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Tuesday, 9 April, 2002, 17:51 GMT 18:51 UK
Young smokers trial nicotine patches
Teenagers smoking
Young people quickly become addicted
Children are taking part in a new study which could lead the way in using nicotine patches to stop teenage smoking.

Youngsters, aged from 12 to 16 from the Nottingham area, are participating in the first major study to examine how effective nicotine patches are at helping children to quit smoking.

The research is being led by Dr Elin Jones, of Nottingham University, who says patches could have an important part to play in the battle against addiction.

Dr Jones told BBC News Online: "Youngsters become addicted to cigarettes very quickly.

Dr Elin Jones
Dr Elin Jones is helping teenage smokers

"I think they (children) are always going to be able to get hold of cigarettes.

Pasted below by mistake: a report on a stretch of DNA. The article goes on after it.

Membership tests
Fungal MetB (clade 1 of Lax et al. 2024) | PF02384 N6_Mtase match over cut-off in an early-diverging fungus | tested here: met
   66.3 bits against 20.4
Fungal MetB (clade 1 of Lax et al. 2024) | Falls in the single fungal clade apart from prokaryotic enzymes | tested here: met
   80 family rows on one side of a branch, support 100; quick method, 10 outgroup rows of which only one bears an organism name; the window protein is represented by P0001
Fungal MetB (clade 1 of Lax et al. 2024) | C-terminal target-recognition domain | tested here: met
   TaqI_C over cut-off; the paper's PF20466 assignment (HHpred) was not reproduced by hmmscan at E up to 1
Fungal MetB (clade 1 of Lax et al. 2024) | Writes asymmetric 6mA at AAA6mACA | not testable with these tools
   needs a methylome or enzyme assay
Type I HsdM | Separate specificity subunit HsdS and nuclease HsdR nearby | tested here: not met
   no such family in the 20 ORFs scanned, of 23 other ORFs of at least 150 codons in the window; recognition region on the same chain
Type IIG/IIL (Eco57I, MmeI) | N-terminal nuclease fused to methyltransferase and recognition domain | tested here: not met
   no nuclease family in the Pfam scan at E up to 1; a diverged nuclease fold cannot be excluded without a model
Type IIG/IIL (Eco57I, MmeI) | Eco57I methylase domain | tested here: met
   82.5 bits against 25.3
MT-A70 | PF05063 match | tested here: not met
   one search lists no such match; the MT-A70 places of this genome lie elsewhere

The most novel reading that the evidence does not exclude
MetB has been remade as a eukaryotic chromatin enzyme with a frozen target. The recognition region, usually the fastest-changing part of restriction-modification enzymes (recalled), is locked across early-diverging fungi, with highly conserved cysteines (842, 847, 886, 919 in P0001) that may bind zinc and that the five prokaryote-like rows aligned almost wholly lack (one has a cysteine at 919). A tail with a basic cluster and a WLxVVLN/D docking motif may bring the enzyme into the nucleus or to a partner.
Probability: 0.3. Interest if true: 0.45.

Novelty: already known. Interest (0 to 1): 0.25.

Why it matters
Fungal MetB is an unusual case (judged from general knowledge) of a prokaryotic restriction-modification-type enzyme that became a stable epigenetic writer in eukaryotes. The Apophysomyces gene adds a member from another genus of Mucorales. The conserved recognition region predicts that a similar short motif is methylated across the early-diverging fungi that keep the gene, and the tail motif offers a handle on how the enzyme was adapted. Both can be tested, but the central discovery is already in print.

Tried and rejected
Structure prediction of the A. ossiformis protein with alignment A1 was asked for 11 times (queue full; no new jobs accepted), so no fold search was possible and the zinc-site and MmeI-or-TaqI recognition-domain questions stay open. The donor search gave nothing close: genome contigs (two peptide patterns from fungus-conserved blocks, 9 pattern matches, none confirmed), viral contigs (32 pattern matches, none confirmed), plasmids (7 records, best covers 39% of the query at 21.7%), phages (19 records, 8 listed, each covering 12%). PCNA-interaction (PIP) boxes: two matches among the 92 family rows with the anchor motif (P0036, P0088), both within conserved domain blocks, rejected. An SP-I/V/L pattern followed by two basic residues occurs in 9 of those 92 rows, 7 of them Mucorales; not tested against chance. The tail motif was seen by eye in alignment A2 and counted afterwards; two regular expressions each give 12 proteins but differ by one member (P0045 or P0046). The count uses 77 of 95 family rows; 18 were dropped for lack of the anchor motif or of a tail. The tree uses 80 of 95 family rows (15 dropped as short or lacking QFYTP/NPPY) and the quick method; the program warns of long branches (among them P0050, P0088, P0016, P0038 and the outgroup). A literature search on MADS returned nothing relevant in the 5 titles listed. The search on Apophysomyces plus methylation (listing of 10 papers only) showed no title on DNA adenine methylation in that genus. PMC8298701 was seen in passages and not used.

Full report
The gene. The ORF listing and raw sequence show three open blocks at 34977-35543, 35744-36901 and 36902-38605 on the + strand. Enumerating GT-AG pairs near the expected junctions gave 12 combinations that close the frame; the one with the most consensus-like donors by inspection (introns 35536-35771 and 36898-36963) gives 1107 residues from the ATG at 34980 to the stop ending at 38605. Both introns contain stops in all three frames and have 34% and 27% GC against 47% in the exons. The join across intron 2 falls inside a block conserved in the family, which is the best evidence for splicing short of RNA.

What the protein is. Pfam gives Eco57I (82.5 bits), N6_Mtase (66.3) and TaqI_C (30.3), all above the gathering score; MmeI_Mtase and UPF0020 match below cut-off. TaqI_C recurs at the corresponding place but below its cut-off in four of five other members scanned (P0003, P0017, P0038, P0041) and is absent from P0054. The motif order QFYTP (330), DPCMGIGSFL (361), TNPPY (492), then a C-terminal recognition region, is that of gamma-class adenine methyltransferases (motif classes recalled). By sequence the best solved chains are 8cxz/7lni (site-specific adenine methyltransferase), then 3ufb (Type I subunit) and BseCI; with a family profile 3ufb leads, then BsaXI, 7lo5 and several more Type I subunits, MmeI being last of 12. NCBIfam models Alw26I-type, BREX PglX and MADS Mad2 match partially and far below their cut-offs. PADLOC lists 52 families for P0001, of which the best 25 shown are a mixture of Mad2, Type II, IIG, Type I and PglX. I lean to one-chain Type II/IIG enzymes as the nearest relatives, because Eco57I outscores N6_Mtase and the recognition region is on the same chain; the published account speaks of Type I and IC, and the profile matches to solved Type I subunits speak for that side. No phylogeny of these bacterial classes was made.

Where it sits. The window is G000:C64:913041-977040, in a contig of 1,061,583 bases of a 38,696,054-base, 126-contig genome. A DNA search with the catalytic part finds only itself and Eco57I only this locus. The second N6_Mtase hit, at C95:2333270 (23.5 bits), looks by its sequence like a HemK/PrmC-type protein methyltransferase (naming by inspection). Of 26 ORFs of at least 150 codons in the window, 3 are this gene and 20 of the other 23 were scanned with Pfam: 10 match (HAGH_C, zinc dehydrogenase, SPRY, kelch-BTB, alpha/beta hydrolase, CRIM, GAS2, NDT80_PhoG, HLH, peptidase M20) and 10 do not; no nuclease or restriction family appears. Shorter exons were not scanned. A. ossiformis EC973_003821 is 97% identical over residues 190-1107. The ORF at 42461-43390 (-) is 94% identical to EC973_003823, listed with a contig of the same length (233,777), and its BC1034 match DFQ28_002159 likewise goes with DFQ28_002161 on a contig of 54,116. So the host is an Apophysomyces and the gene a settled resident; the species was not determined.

"What's not been realised for a long time is that many of these young people would actually like the chance to quit smoking."

Dr Jones said that children often start smoking because of pressure from friends, but later regret the decision.

"Addiction is really the main thing. They become addicted to cigarettes very quickly and they find it difficult to stop without help.

"There are no real studies of nicotine replacement therapy - such as nicotine patches - on young people in the country.

"This is a chance for young people to get involved with something very exciting."

The 13-week trial will involve about 40 teenaged smokers, with the consent of parents when needed.


Click here to go to Nottingham
See also:

18 Jan 02 | Health
Anti-smoking drug deaths triple
31 Dec 01 | Health
Adverts target New Year quitters
08 Aug 01 | Health
Drive to cut Asian smoking
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